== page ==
Thursday, November 15, 2012

Rail matters: the South End lesson

A local television station yesterday did a short feature on the South End neighborhood in Charlotte. If you click here, you'll see my colleague Bill McCoy, the director emeritus of the UNC Charlotte Urban Institute, describe how the area has changed. As just about anyone i Charlotte could tell you, a huge transformative event was the launching of the city's first light rail line, the Lynx Blue Line, in 2007.

The Ashton apartments in South End. Photo: David Walters
Nov. 24 marks the five-year anniversary of that launch, so a little retrospective is fitting. But it's also important to know that South End was reviving before 1998, the year Mecklenburg County voters passed a half-cent sales tax for transit and we all knew, finally, that we'd get a light rail line. Three important lessons:

1. Zoning and design matter.  The city created transit-oriented development zoning categories to allow and encourage the form of development that best serves public mass transit: walkable and mixed-use, and denser than single-family-only residential or office-only or industrial-only. You'd think that would be a no-brainer, but many cities made the mistake of launching rail transit in 1980s and early 1990s yet did not change development codes. What they got was not much transit-friendly development.

2. South End's development was sparked before the 1998 transit vote by a small-time, volunteer trolley run. So it was the hope of light rail, and a modest little rail ride, rather than mass transit service itself, that was key.

The nonprofit Charlotte Trolley volunteer group launched a historic trolley car ride down some railroad tracks the city had bought because the city hoped someday it might use them for light rail. This trolley run (not a streetcar; it didn't run in street) was barely a mile and didn't even cross I-277 and go into uptown. Yet it was enough to encourage developers. It didn't hurt, of course, that the former industrial area later dubbed South End abutted uptown as well as the prosperous Dilworth neighborhood. By the time the Lynx launched in 2007 plenty of transit-oriented development had already occurred. Alas, the historic trolley run itself was booted from the line by a combination of federal safety regulations and a Charlotte Area Transit System revenue crunch after the 2008 financial crash. Beloved old Car 85 awaits a new neighborhood with which it can work its magic.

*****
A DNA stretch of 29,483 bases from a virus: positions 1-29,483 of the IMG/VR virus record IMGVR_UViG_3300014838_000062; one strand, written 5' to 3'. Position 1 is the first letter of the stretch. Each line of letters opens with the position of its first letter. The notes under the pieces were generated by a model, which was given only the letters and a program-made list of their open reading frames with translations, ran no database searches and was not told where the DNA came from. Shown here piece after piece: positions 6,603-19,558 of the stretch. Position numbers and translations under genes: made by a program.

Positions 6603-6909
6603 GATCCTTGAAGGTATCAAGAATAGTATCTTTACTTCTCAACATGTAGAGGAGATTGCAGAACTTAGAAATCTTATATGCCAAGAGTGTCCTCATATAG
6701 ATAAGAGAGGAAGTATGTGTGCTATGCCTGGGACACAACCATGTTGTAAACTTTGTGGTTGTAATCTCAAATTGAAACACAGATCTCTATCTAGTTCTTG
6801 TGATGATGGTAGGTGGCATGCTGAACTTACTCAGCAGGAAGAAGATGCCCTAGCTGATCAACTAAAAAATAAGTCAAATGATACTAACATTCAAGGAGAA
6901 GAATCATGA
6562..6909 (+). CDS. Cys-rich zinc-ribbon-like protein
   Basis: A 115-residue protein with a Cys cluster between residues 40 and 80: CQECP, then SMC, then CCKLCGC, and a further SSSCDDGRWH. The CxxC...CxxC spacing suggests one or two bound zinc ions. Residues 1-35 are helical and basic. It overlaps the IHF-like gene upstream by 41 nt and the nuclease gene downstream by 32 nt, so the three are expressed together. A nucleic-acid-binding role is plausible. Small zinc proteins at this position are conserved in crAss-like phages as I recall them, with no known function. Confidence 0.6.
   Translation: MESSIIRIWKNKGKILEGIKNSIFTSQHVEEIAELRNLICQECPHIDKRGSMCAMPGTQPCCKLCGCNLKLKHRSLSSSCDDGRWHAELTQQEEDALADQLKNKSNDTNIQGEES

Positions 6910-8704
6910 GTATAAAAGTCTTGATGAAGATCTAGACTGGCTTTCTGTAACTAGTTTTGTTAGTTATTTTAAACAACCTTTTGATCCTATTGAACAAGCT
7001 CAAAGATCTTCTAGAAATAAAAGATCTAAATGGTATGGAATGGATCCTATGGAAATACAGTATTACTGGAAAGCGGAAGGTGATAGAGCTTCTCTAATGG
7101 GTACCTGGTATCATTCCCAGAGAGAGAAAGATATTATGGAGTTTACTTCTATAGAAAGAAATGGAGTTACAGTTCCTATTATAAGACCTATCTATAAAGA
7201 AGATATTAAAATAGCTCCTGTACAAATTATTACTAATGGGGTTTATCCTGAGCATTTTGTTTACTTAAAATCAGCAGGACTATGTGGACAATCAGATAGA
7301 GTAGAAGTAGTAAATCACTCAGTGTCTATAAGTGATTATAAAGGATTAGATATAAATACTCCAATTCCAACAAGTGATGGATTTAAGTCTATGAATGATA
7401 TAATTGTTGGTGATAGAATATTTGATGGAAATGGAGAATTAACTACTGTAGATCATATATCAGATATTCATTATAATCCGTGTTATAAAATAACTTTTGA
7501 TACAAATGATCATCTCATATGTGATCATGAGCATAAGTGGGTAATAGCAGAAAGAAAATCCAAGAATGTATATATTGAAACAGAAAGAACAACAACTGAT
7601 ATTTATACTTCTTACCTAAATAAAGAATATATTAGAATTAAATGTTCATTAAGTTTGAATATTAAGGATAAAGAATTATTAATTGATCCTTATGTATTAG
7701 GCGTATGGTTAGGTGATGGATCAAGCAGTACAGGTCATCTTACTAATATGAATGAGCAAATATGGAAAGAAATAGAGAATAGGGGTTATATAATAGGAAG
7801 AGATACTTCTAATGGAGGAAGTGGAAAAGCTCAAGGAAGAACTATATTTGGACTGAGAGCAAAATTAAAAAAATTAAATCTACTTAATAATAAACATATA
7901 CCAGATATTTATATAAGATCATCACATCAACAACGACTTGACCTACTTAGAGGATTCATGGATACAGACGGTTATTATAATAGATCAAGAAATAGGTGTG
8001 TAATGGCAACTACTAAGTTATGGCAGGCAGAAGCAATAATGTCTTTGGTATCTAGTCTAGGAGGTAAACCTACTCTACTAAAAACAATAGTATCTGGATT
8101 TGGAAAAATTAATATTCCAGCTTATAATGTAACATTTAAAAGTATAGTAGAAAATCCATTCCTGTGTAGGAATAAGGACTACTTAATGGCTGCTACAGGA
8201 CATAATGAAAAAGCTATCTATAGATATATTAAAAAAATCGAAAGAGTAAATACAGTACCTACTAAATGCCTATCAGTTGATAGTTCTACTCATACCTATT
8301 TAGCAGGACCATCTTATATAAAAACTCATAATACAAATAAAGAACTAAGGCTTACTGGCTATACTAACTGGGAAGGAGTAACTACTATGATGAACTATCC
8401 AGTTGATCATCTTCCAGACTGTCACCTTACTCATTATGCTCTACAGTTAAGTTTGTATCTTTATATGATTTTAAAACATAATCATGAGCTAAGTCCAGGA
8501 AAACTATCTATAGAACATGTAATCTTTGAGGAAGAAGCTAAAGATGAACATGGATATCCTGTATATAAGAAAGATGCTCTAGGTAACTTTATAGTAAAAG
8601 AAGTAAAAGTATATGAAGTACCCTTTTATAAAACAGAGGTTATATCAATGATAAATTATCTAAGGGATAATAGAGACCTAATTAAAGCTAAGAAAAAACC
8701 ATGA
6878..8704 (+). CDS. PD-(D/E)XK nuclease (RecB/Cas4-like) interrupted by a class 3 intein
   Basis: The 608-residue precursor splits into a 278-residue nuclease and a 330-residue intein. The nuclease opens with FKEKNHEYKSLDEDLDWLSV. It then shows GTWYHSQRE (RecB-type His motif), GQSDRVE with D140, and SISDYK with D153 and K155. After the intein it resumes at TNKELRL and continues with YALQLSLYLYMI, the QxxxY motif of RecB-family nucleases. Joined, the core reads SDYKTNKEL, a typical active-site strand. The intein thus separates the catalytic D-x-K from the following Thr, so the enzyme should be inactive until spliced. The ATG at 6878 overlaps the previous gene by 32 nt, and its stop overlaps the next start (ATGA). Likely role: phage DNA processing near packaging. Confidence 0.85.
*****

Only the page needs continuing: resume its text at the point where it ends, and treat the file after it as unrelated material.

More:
3. This is last, and most important: It was not adding public mass transit that sparked the development. It was adding rail transit.

Proof? For years, city bus No. 12 has traveled up and down South Boulevard. Yet the area languished until the spark from the old trolley coursing on the rails. Why didn't the bus spark development? Because rails mean permanence. A regular old city bus can be rerouted. Few developers would peg their future to a bus route.

The city says it wants to help other languishing areas (can you say "Eastland Mall"?). City council members should remember the lessons of South End. If you want developers to commit, then the city should commit to rail.